THE CHORDS THAT BIND The Flip Side
by LENA EINBINDER
2009 marked the 9th anniversary of Coachella—for my mother and me it was the fourth we attended together. Wait, what? Drug festival? Rock music? My mother? Yeah, I know. Among my peers, Coachella weekend is practically a recognized holiday. That year, 80 percent of my fellow seniors from Wildwood School attended in near death heat. For some, the drugs consumed during the three days serve as a catalyst for any and all of the entertainment to be enjoyed, but I see the festival in an entirely different light.
I was in a plastic-and-metal corrective body brace for scoliosis the first Coachella we went to. I had to wear it 23 hours a day, so, as you can imagine, I was the coolest kid there, especially with my mom and her obligatory oversize sun hat. I loved every second of it, partially because my mom did too.
My mother and I share an intense adoration for music, and I believe that is what motivates her (someone who is too tired to go to a bookstore at 8 p.m. on a Tuesday) to accompany me to this now three-day-long concert in the desert.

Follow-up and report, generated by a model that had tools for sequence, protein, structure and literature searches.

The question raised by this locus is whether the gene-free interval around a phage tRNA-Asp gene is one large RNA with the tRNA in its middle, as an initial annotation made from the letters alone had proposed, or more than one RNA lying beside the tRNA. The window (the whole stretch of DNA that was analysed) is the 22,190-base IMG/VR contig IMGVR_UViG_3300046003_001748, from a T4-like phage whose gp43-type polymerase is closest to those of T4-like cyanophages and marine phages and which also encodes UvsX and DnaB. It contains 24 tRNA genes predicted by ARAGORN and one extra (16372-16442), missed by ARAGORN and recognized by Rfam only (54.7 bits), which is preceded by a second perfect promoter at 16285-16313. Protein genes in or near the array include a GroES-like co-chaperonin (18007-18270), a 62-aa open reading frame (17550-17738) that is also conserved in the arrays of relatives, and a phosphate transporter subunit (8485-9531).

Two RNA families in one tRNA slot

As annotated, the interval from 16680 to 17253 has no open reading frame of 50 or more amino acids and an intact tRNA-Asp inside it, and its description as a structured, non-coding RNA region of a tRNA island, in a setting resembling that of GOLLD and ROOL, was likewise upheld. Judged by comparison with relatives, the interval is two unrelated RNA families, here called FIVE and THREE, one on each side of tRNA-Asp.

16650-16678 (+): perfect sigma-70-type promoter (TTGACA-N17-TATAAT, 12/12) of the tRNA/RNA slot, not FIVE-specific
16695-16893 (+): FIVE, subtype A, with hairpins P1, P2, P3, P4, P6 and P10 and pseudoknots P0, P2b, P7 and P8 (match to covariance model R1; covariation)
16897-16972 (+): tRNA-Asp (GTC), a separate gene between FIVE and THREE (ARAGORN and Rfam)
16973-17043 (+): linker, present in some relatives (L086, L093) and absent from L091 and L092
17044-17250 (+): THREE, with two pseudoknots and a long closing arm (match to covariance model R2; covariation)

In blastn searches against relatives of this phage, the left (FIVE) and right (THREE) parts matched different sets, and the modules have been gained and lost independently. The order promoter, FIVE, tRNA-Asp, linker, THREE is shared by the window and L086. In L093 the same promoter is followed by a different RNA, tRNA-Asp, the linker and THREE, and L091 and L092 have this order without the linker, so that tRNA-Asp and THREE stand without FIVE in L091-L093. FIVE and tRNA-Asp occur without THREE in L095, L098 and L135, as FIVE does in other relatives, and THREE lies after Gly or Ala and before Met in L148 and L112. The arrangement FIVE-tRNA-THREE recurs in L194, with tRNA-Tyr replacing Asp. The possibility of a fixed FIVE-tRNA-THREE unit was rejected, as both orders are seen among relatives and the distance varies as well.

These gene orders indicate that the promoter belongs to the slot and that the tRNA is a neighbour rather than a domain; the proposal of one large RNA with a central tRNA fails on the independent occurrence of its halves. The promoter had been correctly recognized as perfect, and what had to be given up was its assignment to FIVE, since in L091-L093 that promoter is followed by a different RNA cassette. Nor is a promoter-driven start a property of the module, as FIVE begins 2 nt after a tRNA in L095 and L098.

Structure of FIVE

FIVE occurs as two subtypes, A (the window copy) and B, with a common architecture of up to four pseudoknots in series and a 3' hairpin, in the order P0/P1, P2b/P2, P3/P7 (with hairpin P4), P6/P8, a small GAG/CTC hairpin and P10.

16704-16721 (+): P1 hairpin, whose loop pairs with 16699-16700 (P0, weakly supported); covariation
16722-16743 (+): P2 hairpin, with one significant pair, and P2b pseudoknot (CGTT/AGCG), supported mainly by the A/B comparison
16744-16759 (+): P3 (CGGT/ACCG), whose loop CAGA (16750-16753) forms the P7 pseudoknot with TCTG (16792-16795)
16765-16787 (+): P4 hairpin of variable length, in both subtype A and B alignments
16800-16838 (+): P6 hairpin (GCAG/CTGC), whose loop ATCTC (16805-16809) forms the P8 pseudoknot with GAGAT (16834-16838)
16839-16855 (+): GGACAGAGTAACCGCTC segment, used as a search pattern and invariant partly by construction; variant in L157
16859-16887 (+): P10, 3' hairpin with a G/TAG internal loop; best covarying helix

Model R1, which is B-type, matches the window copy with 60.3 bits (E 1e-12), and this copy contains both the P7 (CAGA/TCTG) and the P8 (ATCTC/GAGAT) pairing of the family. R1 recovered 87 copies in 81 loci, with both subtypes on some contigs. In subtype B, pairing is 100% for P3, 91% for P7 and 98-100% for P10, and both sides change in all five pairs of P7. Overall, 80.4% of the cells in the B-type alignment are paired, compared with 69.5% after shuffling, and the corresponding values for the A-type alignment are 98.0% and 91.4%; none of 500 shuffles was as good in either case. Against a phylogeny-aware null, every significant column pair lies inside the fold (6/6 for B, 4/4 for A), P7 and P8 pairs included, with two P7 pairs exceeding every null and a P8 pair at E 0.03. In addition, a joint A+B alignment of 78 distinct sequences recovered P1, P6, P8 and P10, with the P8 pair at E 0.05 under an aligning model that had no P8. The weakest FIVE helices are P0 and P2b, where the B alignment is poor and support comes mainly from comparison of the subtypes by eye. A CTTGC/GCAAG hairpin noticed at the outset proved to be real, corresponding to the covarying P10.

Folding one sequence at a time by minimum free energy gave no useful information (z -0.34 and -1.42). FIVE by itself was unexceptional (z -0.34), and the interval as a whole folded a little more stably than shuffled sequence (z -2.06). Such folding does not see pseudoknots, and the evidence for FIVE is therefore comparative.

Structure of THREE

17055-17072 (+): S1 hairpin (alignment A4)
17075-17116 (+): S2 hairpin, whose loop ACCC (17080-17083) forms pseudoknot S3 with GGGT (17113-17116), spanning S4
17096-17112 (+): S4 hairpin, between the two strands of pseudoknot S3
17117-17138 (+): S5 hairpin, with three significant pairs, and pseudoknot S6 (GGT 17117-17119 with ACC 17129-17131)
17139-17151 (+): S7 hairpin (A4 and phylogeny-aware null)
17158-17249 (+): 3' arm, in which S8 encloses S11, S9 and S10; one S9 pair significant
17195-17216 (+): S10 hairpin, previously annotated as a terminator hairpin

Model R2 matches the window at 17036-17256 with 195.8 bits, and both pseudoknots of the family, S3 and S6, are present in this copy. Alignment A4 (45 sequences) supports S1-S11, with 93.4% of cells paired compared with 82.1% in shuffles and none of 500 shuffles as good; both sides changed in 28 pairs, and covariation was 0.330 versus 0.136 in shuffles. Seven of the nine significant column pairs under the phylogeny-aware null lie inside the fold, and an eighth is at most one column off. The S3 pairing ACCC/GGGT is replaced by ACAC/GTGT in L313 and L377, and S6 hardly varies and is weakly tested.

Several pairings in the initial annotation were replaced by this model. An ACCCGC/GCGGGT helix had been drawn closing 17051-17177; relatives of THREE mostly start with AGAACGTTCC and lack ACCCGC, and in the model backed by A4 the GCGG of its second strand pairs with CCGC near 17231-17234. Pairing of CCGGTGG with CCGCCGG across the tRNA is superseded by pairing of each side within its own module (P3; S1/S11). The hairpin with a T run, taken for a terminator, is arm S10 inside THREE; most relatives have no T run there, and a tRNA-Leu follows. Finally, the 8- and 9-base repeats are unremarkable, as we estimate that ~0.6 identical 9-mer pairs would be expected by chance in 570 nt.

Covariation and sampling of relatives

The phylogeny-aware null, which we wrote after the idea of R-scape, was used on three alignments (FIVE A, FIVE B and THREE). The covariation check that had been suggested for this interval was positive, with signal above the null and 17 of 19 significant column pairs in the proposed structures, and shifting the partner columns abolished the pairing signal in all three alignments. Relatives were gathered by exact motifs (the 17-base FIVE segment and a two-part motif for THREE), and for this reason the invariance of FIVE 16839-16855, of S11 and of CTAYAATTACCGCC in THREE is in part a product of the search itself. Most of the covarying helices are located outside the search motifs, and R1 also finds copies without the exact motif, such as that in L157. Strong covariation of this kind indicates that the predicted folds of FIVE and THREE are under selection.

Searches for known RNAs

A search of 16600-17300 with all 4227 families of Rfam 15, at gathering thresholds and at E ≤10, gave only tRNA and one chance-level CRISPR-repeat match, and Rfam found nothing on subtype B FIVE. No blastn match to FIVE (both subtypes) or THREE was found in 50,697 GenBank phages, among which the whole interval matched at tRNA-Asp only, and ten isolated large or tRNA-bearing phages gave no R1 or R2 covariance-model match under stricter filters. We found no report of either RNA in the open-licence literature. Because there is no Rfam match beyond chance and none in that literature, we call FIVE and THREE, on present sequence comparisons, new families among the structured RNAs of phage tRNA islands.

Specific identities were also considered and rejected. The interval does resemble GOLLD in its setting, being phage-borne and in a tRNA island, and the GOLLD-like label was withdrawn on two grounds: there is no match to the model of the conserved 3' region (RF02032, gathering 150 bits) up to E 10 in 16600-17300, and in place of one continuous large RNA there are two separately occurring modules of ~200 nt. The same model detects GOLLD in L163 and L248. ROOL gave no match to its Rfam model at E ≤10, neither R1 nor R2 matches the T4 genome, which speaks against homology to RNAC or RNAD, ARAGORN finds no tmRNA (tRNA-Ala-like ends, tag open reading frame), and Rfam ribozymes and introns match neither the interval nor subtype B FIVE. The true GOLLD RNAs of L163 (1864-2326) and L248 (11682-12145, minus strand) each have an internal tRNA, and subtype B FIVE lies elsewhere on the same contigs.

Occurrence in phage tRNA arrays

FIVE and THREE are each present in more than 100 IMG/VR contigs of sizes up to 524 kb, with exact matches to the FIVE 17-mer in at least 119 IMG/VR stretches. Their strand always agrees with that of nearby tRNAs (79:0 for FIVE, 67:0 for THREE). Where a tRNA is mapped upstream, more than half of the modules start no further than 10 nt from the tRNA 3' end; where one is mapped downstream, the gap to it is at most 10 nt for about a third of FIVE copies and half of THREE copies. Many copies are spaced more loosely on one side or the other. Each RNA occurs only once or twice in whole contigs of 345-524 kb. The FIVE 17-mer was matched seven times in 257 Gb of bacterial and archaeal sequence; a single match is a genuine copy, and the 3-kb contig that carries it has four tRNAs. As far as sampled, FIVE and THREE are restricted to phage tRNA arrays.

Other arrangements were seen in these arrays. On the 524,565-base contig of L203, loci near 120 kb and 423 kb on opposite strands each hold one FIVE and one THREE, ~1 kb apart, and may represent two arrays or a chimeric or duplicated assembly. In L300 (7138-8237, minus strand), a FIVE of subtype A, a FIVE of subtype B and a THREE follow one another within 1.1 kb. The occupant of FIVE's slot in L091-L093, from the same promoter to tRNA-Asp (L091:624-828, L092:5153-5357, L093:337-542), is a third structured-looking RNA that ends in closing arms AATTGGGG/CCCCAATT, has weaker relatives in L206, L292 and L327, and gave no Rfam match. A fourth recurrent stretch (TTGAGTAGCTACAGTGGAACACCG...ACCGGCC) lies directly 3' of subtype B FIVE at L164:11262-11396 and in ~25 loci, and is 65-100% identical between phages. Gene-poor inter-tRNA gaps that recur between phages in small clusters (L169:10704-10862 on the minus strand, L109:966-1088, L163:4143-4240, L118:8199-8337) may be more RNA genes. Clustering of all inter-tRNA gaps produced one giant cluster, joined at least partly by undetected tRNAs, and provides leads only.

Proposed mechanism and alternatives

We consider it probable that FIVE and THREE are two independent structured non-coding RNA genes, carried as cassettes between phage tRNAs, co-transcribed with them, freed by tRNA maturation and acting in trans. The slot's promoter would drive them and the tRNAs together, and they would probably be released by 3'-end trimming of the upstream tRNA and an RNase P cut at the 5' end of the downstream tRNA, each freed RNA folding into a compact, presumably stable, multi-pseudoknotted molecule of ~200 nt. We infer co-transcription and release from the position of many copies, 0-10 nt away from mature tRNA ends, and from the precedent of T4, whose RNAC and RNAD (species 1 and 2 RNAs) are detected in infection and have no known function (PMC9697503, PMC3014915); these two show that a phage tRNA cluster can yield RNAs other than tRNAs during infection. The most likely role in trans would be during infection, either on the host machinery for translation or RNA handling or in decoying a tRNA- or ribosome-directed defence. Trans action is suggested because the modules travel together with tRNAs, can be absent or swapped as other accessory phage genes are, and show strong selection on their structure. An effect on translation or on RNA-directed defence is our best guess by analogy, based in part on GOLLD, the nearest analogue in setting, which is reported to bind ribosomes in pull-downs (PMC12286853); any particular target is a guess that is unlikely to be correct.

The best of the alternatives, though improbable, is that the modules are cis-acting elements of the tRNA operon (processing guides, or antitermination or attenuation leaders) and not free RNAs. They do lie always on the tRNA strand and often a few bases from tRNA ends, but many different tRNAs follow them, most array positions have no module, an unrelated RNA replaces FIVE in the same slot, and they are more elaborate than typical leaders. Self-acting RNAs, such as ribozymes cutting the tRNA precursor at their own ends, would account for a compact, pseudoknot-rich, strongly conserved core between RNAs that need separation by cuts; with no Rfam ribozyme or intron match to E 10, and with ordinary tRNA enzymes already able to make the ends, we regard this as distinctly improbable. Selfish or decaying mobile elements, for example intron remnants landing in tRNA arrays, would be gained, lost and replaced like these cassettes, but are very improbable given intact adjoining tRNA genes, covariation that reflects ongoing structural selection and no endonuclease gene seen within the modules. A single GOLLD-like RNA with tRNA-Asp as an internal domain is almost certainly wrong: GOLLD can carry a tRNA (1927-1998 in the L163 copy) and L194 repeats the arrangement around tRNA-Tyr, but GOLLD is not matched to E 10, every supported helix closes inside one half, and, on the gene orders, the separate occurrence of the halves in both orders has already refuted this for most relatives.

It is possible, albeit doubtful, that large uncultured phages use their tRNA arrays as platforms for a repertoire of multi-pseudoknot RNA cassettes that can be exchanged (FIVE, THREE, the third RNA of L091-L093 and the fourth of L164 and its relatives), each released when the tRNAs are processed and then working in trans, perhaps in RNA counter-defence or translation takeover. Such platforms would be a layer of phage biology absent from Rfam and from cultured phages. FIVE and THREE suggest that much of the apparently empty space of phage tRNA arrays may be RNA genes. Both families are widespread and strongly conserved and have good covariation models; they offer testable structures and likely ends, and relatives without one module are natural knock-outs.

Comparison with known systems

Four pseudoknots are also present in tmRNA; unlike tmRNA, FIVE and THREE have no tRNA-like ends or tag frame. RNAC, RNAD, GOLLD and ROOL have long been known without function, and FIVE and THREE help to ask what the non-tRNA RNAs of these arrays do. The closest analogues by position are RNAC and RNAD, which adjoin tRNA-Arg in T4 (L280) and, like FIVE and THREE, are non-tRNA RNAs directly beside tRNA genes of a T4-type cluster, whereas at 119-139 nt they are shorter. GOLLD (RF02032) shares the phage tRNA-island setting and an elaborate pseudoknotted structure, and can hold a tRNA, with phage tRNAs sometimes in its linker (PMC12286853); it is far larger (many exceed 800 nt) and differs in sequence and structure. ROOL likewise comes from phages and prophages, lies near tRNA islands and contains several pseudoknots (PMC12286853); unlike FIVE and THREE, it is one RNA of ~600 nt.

Every year, when I’d see my friends at Coachella and tell them I was with my mom, the response was often some version of “Oh s--t! Where is she?” with them frantically stashing away some form of contraband. I’d have to reassure them I had no idea where my mom was right then, but at 8 o’clock she would be in the front row of the Sahara tent for the Chemical Brothers.
Last year’s Coachella was special because I thought it would be the last time my mother and I would go together. It only really hit me after the festival was over, though. I certainly wasn’t thinking about it when I was on the shoulders of a sophomore from my school during Girl Talk’s mashed-up version of the Isley Brothers’ “Shout (Parts 1 & 2).” And neither was my mom, because I’m pretty sure all she was thinking about was how great Buraka Som Sistema’s performance was.
It turns out we did go to Coachella this year, making it our fifth time. I just couldn’t stay away. It’s always fun to find out that we ended up seeing the same bands at the end of the night. Often, my mother, who has been watching from the side of the stage, texts me: “Saw you dancing behind the front railing of Pavement. Looked like you were loving it!” I was. And I have the bruises to prove it.